Comprehensive Review of the Neuroendocrine Theory of Aging, Part 2
Ward Dean, MD
Part I of our review of the Neuroendocrine Theory of Aging focused on the role of noted Russian scientist Vladimir Dilman, who theorized that aging is caused by the inexorable and gradual loss of hypothalamic sensitivity to feedback signals, leading to the progressive shifting of homeostasis, or balance of physiological processes.
In Part II we continue our review of the body’s homeostats and their role in good health and aging.
Hypothalamus and Homeostasis
Although the pituitary gland in the brain directs the activities of the endocrine system, the pituitary is itself controlled by another structure in the brain called the hypothalamus. Substances known as “releasing factors” trickle down from the hypothalamus to the nearby pituitary and stimulate the pituitary to release one or more of its hormones. These hormones, in turn, stimulate the production of hormones in other glands (i.e., the thyroid, the adrenals, the testes, the ovaries and the thymus).
The hypothalamus is the body’s primary organ of homeostasis. It maintains the equilibrium of most biological processes within a fairly narrow range. Releasing factors (small protein-like molecules) from the hypothalamus initiate hormonal changes in the pituitary (formerly considered “the master gland”). Hypothalamic secretions keep internal temperature, blood pressure, thirst, hunger, sexual appetites, chemical and water balances, menstrual cycles, and numerous other activities functioning normally. For the hypothalamus to do this, it must be sensitive to biochemical changes that signify slight deviations in these functions. Too much or too little of a particular hormone in the tissues influences the hypothalamus to secrete more or less specific releasing factors and inhibiting factors that bring about the adjustment.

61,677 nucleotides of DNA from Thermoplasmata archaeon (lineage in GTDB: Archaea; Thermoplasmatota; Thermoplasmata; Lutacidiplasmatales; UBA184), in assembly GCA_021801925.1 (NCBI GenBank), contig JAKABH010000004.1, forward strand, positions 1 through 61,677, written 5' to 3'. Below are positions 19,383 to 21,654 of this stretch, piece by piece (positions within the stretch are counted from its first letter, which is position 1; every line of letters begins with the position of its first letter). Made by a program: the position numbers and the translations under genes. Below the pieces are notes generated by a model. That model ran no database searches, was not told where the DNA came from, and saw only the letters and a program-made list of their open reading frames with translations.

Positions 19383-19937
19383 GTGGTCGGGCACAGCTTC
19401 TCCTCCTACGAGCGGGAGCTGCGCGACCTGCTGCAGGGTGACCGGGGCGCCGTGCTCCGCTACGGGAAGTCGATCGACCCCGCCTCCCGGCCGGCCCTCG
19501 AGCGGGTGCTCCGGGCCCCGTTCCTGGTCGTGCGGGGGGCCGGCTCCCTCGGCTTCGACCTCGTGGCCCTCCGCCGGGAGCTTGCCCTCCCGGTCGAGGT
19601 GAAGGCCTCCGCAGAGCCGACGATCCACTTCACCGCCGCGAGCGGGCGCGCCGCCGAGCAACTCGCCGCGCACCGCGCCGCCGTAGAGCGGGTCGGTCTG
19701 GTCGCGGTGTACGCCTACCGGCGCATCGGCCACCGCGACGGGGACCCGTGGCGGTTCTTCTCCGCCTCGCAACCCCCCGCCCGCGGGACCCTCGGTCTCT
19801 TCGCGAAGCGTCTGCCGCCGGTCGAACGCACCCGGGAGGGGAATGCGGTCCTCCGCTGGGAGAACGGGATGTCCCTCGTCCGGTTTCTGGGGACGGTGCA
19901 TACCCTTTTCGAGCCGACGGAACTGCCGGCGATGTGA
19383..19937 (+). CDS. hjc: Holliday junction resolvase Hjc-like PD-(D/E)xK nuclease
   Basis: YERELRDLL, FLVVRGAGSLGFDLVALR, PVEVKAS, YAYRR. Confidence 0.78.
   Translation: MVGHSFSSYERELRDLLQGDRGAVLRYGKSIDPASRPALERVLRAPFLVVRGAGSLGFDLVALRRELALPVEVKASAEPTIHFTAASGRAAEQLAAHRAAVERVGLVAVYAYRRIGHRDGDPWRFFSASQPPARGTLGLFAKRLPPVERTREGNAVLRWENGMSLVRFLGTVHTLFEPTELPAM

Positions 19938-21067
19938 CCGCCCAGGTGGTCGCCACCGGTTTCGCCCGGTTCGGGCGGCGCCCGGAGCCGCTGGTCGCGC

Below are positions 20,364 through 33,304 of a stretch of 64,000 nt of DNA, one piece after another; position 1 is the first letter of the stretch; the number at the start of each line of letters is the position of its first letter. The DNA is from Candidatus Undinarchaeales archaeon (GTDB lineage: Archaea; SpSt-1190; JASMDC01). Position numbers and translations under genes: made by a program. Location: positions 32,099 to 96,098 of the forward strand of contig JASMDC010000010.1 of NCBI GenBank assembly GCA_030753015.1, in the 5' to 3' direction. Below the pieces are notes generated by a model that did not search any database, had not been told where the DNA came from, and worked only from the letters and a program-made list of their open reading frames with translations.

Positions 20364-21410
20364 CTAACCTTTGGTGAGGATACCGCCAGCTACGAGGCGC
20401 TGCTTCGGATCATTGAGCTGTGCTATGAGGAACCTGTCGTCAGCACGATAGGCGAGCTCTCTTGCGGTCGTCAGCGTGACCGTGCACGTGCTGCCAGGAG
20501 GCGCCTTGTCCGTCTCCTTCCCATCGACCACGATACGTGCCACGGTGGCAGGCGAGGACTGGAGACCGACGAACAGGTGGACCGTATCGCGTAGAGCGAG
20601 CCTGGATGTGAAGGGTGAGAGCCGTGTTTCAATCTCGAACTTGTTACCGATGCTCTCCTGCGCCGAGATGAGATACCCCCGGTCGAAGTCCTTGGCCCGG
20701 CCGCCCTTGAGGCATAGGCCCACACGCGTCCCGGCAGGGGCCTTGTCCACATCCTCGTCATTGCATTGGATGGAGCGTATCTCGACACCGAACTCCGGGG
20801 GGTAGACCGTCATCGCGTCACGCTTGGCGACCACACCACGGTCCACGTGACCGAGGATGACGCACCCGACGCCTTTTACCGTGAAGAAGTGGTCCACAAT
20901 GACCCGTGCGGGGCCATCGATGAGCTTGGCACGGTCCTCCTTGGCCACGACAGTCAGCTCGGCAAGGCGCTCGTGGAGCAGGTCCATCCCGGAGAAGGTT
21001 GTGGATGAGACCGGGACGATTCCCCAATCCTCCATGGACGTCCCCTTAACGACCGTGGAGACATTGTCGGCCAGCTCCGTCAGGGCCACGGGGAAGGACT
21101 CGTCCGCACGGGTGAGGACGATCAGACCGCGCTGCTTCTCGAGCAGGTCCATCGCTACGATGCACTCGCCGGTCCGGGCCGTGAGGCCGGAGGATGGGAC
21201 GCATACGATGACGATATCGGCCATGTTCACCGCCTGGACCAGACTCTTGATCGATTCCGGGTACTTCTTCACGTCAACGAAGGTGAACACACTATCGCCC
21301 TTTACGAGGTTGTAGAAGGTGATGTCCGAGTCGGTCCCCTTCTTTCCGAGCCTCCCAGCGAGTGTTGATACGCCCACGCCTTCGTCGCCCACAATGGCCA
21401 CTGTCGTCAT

The hypothalamus is itself influenced by another structure in the brain known as the pineal gland. The pineal gland controls the regular cyclical functioning of the entire neuroendocrine system, most notably our 24-hour sleep-wake cycle, as well as many other “chronobiological” functions. The condition known as “jet lag” can be attributed to pineal gland function. Jet travelers commonly experience this — particularly when traveling in an easterly direction. However, jet lag can also be caused by sleep dysregulation from performing shift work, or just staying out too late at night. As we grow older the symptoms of jet lag become progressively worse due to a decrease in the output of melatonin, the principle hormone of the pineal gland (Fig. 7).
Many older people have difficulty sleeping at night, and, as a result, are fatigued during the day. Usually this is accompanied by a constellation of other symptoms, including memory loss, irritability, confusion, depression, or constipation. These symptoms are similar to those of jet lag. Consequently, I believe that many elderly people who suffer from these symptoms are actually suffering from chronic chronobiological desynchronization, like jet lag caused by depressed levels of melatonin.